I listened to this book while cutting up and sewing together bright Hawaiian batiks that were given to me by another forever friend.

During this past week, I felt creative and smart.

Creative by working with pretty fabric, and smart by listening to this story. The Shadow of the Wind is not a beach book.

An epic story set in 1945, Barcelona. Daniel, the bookseller’s son, is introduced to The Cemetery of Forgotten Books, on the day he says he cannot remember his mothers face.

Tasked with choosing one book that has special meaning to the boy, Daniel makes his selection from the labyrinth to take home and care for. In doing so, he finds himself involved in a life long adventure and mystery. The book he selected was written by a man named Julian Carax, and very well may be the last book in existence by Carax. Someone has been finding the Carax works and destroying them.

Both the story and the quilt, are packed with twists and turns.

This book is full of violence, ripping and gripping. It also has intrigue, love, resolution, and history. Strangely enough, the quilt I’m working on, has taken on the same qualities.

Unlike the book, I’m not yet sure how this quilt will wrap up… yet.

My review of the book is a big five big stars. I light a candle for Eddie in memory, and I send gratitude and love, to my forever friends, Jenny and Sandie.


by Jan

The first time Ken took me to visit his family ranch in South Dakota, we drove from our home in Colorado Springs. I love a road trip, and am usually quite happy to spend hours in a car. The Parker ranch was just north of Valentine, Nebraska, so the trip took us through miles and miles of sand hills.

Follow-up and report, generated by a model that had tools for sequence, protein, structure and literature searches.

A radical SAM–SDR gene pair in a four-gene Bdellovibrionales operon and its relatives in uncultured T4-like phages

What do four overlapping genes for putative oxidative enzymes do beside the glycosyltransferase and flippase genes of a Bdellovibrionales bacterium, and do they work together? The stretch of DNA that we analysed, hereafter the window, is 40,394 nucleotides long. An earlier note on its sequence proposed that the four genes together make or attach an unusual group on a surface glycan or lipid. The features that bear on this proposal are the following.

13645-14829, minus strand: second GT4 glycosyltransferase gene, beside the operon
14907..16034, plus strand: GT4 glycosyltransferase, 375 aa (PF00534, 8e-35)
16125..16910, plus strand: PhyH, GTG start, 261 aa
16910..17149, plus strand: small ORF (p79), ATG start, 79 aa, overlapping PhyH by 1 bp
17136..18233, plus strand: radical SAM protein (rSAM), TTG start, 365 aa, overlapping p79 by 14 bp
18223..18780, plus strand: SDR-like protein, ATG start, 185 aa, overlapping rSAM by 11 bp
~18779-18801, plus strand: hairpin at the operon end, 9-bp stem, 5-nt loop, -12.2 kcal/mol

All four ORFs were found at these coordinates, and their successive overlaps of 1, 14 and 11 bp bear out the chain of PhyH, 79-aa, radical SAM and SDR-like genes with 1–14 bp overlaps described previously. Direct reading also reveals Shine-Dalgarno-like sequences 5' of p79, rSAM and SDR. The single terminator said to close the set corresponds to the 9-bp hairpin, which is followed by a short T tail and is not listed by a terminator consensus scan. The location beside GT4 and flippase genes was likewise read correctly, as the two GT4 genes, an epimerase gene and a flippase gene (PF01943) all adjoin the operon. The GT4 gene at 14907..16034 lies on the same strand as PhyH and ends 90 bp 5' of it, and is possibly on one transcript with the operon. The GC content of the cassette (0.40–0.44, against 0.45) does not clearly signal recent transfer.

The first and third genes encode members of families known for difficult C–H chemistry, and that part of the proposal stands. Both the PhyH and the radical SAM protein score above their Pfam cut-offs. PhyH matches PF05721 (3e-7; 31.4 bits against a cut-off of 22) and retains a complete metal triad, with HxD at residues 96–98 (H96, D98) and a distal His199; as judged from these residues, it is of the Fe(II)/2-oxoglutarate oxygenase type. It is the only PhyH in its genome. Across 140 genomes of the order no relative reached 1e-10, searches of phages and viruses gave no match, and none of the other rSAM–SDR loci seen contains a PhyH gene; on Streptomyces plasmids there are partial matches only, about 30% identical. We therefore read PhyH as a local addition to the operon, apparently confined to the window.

I remember saying to Ken, “This is pretty, but enough is enough.” I’m not a prairie girl. I love a long view, but apparently I also prefer something to break it up — like a mountain or tree!

Finally, Ken turned down a dirt road and I got excited. I began to put my coat on in anticipation of seeing the house he grew up in. Ken looked at me, smiled, and shook his head and said, “Not yet.

I wondered, how far down a dirt road can a family live?

I thought of this yesterday, as MuMu and I were hiking.

Ken dropped us near the trail head, it was a beautiful day, and we were off. It wasn’t long before, we started to climb.

I knew we’d be climbing when we started. My friend and hiking guru, Becky says, you gotta climb to see the views! Besides most of the hikes around Sechelt go, up!

We were still climbing four kilometres in, when we finally took a break.

As MuMu and I sat on the ground, catching our breath, I laughed and thought about that dirt road in South Dakota… and I wondered how far up can a trail really go?


by Jan

I use this bloggy thing as a private/public diary where I practice writing skills and at times sort my thoughts. This post is an example of thinking out loud.

When I was growing up and in school, I constantly wondered at how some of my classmates knew stuff that I didn’t.

For example, how did Mark Hartshorn, who sat in front of me from grade one on, (because Hartshorn came before Hudson in the seating chart), know about the ACLU? He knew who the leaders were, what it stood for, and could shared other tidbits of information, that I had no clue about.